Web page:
Inventiveness in science and technology made colonial militaries better equipped, lethal and more efficient. In the process all colonial nations prospered. If one extends it further, all great nations have gone through a process of civil- military fusion. India missed the bus of the Industrial Revolution. It cannot afford to miss the ongoing cycle of disruptive technology revolution through civil-military fusion.
The concept of civil-military fusion goes back to the Industrial Revolution. As inventions and discoveries in basic sciences like physics, chemistry and innovations in engineering and technology took place, they were continuously oriented and purposed to produce military hardware – guns, rifles, ships, tanks, aircraft and other weapons to make militaries more capable. Inventiveness in science and technology made colonial militaries better equipped, lethal and more efficient. In the process all colonial nations prospered. If one extends it further, all great nations have gone through a process of civil- military fusion. India missed the bus of the Industrial Revolution. It cannot afford to miss the ongoing cycle of disruptive technology revolution through civil-military fusion.
Also Published in the Financial Times @ https://www.financialexpress.com/defence/civil-military-fusion-or-diffusion-in-india/2986830/
In the last century, the USA went through a process of intense civil- military fusion during the Second World War. At its height, the USA was producing military aircraft by the hour, tanks by the day and warships by the week or even less. The entire American industry focussed on churning out military equipment which could beat the Germans and Japanese qualitatively and quantitatively. They did it successfully. The mighty military – industrial complex of the USA, which drives its economy, is all about a military- civil fusion. Hence, civil-military fusion is not just about making militaries strong but also about boosting economies to make nations great. In this century China started this process and is seeking its way to greatness.
The last decades of the 20th century saw the onset of a Revolution in Military Affairs (RMA). It was the synergistic outcome of technological developments and doctrinal innovation, suitably adapted to battlefield environments. The RMA was most visible during the Gulf Wars. It was based on information, communication and electronic technologies which had burst on to the scene then. They contributed to better navigation, command, control, sensing, and precision on the battle field. However, since the beginning of this century, technologies have started emerging which are commonly known and termed as disruptors. We know them as the Internet of Things (IOT), cybertechnology, AI, space colonization, 3D printing, high speed travel, robotics, block chain , autonomous vehicles, advanced virtual reality, renewable energy and so on. These technologies are now being super fused with traditional technologies which have an enduring relevance and impact on the battlefield. These include propulsion technology, sensor technology, digital revolution, directed energy, space platforms, navigational aids and new material technology to name a few. The fusion of these technologies is a disruptive revolution which is going to shape future militaries and the way wars will be fought in an era of Disruption in Military Affairs as depicted in the graphic below.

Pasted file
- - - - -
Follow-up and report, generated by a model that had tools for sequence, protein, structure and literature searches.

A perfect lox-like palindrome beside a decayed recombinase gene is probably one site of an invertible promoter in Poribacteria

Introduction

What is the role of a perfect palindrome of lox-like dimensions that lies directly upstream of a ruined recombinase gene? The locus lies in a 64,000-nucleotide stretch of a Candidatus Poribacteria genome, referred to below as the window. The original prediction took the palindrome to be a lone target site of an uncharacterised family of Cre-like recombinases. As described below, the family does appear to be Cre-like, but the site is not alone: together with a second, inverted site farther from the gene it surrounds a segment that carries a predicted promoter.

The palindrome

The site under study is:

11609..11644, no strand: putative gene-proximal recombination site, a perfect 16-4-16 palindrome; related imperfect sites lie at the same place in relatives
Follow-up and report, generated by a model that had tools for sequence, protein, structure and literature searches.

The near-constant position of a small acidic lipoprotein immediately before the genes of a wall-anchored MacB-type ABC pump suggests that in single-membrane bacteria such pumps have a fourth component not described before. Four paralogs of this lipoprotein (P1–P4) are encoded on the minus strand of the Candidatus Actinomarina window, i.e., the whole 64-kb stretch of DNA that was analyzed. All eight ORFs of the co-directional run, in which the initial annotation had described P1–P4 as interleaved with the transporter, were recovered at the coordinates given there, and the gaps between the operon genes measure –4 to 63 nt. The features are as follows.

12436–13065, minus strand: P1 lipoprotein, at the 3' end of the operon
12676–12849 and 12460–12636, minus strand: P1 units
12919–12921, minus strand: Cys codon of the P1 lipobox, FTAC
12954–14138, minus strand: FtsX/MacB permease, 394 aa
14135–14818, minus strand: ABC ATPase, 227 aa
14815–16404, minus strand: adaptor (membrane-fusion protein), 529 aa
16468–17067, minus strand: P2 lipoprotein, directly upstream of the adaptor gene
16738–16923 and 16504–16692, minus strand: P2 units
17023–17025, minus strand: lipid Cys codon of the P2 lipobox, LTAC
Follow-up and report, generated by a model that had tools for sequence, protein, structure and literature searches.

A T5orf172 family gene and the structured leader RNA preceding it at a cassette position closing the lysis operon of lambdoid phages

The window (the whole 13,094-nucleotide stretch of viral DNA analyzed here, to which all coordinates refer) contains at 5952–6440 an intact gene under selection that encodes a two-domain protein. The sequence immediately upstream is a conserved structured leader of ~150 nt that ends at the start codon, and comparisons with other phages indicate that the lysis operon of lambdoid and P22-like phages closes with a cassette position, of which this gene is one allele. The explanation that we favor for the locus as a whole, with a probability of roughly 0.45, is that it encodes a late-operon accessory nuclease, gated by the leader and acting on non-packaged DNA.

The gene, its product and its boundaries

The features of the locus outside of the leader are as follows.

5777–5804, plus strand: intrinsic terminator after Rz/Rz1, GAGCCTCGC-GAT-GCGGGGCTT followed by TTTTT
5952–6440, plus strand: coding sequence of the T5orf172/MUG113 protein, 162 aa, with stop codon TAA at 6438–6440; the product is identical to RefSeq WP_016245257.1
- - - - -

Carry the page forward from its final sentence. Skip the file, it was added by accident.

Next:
The thing to note about this disruption is that all these technologies are of dual use nature and are changing the way we live. While many of the technologies are still aspirational, emerging or under advanced stages of development, it is quite clear that they have extensive and seamless dual application in civil and military domains. These are being largely developed and innovated in the civil sector. These are now being fast-tracked into battlefields in parallel, where they are being tested out extensively. The duality of application is where the executionary facet of civil military fusion is really taking place. The scale, level and approach to civil military fusion depends upon the technological base of the nation.
In the USA, a fresh cycle of civil-military fusion commenced about a decade and a half back despite it already being a developed nation with cutting edge technologies. Hence the civil military fusion in the USA is an extension of its highly developed technology platform. While it is not designated or discussed as civil military fusion, the process is driven by the US Government and its armed forces. Further it is fully backed by the innovators and developers of progressive technologies. The fundamentals of civil military fusion lie in the USA’s military industrial complex which has always involved the armed forces and some of the largest corporations that have traditionally been designers, developers, producers and suppliers of cutting edge technology and weapons globally. They have also been the key drivers of the US economy. In the current cycle , most cutting edge / disruptive technologies are being researched and developed in the USA in the private sector by their giant corporations like Microsoft, SpaceX, Google, Intel and so on. Civil military fusion in the USA is only an upgrade on the ongoing dual use of new technologies.